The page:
This unstable, “mad wine”- as Perignon first called it - was in actuality the result of nature. The bubbles in the wine were a natural process arising from Champagne’s cold climate and short growing season. Grapes picked late in the year didn’t leave enough time for the yeast on the grape skins to convert the sugar in the pressed grape juice into alcohol before the cold winter temperatures put a temporary stop to the fermentation process. With spring’s warmer temperatures the fermentation process continued, but by then the juice had already been bottled. This refermentation produced carbon dioxide, which, now trapped in the bottles, created the sparkling.
By the 18th century due to Perignon’s 47 years of controlling, blending and improving this unruly wine, it soon became the lubricant of preference at the aristocratic gatherings of the English and French Royalty. From that time to the present champagne’s uniqueness and quality has made it the beverage of choice for many holidays and special occasions.

Champagne Truths

• Serve in long-stemmed flutes or tulip shaped glasses designed to enhance the flow of bubbles to the crown and concentrate the aromas of the wine.
• Never chill or ice the glass. It takes away from the enjoyment of the wine.
• Wine served in crystal’s rougher texture encourages the formation of more 
bubbles.
• Serve cold. Refrigerate three to four hours or place in bucket half water, half ice for 20 to 30 minutes. Never place bottle in freezer.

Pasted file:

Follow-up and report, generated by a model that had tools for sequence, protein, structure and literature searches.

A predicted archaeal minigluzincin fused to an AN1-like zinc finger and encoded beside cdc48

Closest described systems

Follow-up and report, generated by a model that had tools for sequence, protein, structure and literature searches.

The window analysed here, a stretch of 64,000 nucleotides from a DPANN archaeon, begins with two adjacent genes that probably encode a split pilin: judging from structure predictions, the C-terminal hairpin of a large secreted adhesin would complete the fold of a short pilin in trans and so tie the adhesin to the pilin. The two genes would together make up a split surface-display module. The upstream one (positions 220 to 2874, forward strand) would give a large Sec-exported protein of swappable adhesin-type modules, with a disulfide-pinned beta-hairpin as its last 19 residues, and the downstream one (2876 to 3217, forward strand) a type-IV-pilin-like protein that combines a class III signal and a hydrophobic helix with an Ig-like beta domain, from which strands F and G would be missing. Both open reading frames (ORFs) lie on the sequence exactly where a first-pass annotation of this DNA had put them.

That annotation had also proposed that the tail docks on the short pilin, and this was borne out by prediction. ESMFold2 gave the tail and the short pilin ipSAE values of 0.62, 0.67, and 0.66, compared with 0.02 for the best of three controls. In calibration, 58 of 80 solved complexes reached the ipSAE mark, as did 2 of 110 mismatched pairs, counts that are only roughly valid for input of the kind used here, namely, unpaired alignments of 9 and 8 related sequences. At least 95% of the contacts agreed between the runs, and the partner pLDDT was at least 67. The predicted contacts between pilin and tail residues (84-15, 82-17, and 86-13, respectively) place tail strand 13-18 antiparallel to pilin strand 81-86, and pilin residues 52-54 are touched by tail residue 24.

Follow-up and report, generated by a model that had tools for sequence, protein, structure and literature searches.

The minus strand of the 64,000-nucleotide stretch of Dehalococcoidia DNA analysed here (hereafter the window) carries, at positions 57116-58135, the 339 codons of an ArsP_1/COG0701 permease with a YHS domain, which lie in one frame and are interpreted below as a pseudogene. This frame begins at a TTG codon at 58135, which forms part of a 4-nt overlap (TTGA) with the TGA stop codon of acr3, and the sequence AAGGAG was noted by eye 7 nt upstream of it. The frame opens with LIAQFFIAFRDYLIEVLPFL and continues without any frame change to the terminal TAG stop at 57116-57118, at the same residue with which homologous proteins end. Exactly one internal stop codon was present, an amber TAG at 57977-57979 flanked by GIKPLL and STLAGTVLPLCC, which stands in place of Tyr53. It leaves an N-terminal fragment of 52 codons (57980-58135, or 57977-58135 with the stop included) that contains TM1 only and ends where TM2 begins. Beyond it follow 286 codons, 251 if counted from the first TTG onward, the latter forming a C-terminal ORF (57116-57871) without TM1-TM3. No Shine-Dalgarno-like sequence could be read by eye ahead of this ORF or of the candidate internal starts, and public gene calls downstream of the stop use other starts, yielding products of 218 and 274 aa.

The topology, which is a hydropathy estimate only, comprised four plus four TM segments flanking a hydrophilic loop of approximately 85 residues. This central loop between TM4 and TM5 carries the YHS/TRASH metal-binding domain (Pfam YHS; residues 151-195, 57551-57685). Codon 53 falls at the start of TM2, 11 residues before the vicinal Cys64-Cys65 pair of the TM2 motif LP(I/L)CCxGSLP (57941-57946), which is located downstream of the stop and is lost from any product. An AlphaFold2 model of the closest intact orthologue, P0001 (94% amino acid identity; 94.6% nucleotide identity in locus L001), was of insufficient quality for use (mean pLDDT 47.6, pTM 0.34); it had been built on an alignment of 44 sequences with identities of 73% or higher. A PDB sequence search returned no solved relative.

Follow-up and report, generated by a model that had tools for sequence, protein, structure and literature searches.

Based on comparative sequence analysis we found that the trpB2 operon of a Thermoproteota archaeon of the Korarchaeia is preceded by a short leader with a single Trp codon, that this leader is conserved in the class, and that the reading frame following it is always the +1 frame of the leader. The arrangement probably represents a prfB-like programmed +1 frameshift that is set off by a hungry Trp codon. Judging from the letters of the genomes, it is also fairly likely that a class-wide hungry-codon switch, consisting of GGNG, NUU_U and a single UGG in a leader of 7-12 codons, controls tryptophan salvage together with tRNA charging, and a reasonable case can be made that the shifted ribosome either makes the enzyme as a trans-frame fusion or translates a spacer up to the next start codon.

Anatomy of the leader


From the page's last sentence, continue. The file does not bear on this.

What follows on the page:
• The cork should not pop. “The ear’s gain is the palate’s loss.” Popping wastes 
bubbles.
• Pour an inch in the glass. Wait for froth to settle, then top off.
• If properly closed, expensive champagne can be placed in a refrigerator for several days, good for another “bubbling up.


Raising a Glass

Throughout North America at the stroke of midnight on January 1st, friends and family embrace, champagne flows and Auld Lang Syne is sung. Whatever the custom, most people feel the same sentiment. With a New Year, we can expect a new life with wishes of good luck and promises to do better in the following year. Although the ways of celebrating differ according to customs and religions, people around the world join us in celebrating the New Year in their own way. 
People in Moslem societies, celebrate the New Year by wearing new clothes. 
Southeast Asians release birds and turtles to assure themselves good luck in the twelve months ahead. 
• Jewish people consider the day holy, and hold a religious ceremony at a meal with special foods. 
• Hindus of India leave shrines next to their beds, so they can see beautiful objects at the start of the New Year. 
• Japanese sound gongs 108 times for the 108 sins a person can commit. It is believed listening to gongs cleanses one’s heart and erases past sins.
• In Spain for each gong of the clock at midnight, people pop a grape into their mouths. Twelve grapes symbolize good luck for each month of the New Year.
• The Chinese New Year is celebrated on February 1st with fireworks to scare off evil spirits, parades and a Festival of Lanterns – thousands of lanterns light the way to the New Year.
• Danes “smash in” the New Year at midnight when young people bang on friends’ doors.
• Greek children leave their shoes by the fireplace in anticipation of receiving gifts. As the festival of St. Basil, gifts are exchanged on this day rather than at Christmas.
• In Ireland, for good luck, people go in the front door and out the back door.